In his ‘Usionian Houses’, Frank Lloyd Wright came up with owner-build, or builder/local craftsperson build, designs. He created a cement block product which stacked like ‘Legos’, in that the tops had inset ridges and the bottoms received them… making these blocks pretty much self-aligning. The ‘Case Study Houses’ were another example of cost effective modern designs that used industrial, off the shelf components as a ‘kit of parts’. And in his book: “fabricating HOUSES from component PARTS”, Columbia University Industrial design professor, Norman Cherner, presents designs that are owner/craftsman build projects which cost $6,000 to build in 1957. So what would they cost today… $60,000 ?

    In considering various ‘pre-fab’ options for a home I’ll build on the tropical Island of Vieques, Puerto Rico, I’ve decided to emulate the Simon Ungers ‘Cube House’ which stands in Ithaca, New York. () . It will be a 20 foot, or 24 foot, rebar reinforced concrete block Cube with an interior ‘L’ shaped mezzanine & interior staicases and a roof deck.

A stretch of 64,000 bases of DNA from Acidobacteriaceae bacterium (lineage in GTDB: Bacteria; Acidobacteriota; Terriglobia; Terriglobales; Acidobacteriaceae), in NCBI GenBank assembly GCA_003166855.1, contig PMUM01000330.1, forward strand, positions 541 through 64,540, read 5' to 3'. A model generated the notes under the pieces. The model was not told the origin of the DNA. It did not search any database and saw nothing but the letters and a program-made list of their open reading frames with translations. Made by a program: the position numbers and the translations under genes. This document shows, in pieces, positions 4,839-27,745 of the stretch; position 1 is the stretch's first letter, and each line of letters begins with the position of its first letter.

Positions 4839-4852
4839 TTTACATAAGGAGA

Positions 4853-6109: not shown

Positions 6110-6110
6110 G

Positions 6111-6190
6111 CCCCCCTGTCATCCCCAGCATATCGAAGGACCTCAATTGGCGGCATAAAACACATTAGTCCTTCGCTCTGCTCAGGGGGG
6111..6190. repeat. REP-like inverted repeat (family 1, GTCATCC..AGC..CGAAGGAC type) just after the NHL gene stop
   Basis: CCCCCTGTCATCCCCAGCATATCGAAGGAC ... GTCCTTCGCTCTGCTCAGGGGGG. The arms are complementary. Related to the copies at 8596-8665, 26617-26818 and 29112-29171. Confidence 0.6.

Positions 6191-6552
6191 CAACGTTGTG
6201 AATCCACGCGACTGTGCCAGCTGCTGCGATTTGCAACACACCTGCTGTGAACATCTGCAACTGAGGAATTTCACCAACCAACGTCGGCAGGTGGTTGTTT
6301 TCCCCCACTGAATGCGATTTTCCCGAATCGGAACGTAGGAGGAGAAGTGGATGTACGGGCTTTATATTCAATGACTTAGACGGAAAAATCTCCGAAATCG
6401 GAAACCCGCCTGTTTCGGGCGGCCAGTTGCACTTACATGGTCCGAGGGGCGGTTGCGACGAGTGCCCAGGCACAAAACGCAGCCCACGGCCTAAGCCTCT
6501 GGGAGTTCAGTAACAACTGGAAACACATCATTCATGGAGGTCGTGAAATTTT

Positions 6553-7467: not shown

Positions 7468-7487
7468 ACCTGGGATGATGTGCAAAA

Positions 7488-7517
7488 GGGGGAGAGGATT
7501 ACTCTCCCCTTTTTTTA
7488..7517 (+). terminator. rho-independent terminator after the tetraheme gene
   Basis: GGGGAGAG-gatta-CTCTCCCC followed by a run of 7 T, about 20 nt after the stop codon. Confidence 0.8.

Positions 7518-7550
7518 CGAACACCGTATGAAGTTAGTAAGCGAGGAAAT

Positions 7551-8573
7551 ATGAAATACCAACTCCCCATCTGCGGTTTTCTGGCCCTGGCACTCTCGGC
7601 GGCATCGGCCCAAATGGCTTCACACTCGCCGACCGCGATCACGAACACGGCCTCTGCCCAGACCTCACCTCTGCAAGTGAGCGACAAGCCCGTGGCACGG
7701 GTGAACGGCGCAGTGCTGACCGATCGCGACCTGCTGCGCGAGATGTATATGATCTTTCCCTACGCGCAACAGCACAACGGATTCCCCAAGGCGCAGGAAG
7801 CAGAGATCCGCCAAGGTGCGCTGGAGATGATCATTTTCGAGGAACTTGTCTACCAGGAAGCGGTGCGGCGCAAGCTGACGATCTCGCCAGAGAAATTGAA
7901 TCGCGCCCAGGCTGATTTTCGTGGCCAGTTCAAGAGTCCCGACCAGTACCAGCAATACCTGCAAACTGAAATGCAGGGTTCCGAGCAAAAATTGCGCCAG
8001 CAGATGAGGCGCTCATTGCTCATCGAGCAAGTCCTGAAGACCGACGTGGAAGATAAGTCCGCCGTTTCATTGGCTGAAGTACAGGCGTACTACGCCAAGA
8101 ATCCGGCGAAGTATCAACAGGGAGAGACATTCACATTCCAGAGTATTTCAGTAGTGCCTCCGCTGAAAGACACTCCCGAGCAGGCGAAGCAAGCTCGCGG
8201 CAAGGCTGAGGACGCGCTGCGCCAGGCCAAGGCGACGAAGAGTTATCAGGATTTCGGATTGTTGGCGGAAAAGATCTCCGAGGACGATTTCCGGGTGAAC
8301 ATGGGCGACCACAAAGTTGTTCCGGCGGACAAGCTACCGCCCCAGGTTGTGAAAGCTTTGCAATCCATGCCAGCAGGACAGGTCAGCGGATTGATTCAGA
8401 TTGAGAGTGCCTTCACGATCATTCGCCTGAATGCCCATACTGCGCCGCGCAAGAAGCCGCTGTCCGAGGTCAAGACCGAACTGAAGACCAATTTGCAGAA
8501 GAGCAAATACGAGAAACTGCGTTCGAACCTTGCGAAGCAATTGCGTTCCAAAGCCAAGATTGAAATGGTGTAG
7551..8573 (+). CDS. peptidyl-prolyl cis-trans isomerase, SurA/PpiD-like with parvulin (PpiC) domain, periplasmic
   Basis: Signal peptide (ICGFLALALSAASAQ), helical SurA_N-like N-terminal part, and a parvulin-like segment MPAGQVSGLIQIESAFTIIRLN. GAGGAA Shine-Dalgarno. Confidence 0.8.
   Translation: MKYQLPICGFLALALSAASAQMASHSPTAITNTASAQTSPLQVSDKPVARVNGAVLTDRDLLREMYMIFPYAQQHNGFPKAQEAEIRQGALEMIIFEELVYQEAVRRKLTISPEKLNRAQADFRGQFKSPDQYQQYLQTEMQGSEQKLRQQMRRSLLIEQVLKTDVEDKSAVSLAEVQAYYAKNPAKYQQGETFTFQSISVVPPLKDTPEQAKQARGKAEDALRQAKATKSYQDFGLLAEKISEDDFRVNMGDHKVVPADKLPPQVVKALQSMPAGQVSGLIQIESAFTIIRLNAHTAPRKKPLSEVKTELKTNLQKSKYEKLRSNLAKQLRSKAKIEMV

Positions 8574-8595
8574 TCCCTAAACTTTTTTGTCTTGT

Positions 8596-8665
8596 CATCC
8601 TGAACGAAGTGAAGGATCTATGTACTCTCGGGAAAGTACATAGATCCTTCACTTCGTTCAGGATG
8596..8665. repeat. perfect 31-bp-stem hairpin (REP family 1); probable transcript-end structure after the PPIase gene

Surprisingly… rebar reinforced concrete block construction is GREEN… as it stands intact for a very long time. Concrete block doesn’t rot, fall prey to insects or burn like wood… so it’s one time use of materials over a 50 to 100 year lifespan is very green indeed !

    The Clever ‘Mini-Home’ is a really cool design. However, I can have a 2 story concrete block structure built in the tropics, with more square footage, for the same or less cost than the single story ‘Mini-Home’ would cost me. And the concrete block thing is green, if you examine it from the right ‘angle’.

  5. George March 3, 2007 at 12:29 pm

    Toby’s comments are spot-on. Traditionally consumers have not been overly “life-cycle cost” oriented (and hence neither were developers/builders etc). That is changing slightly, which is why it is not surprising to me that immeidate opportunities in prefab can play well in affordable housing AND particularly where there is a condo os similar assocaition, i.e. buyers pay a lot of attention to HOA fees, which provide the clearer link to a total-lifecycle cost viewpoint…this point should not be missed and in my redevelopment work, this is the key link to moving the agenda forward. Having said that, if overall construction costs, which are clearly the majority of life-cycle costs, are too high for a market, then the concept can’t work. The good news is that people like Toby are advancing the cause. Thanks.

  6. Alberto March 2, 2007 at 10:54 pm

    I saw an interview with Clever Homes in Podtech, very good interview his passion for “green” come through.

  7. Toby Long, AIA March 2, 2007 at 7:21 pm

    Just to add some clarity to my view of the issue…….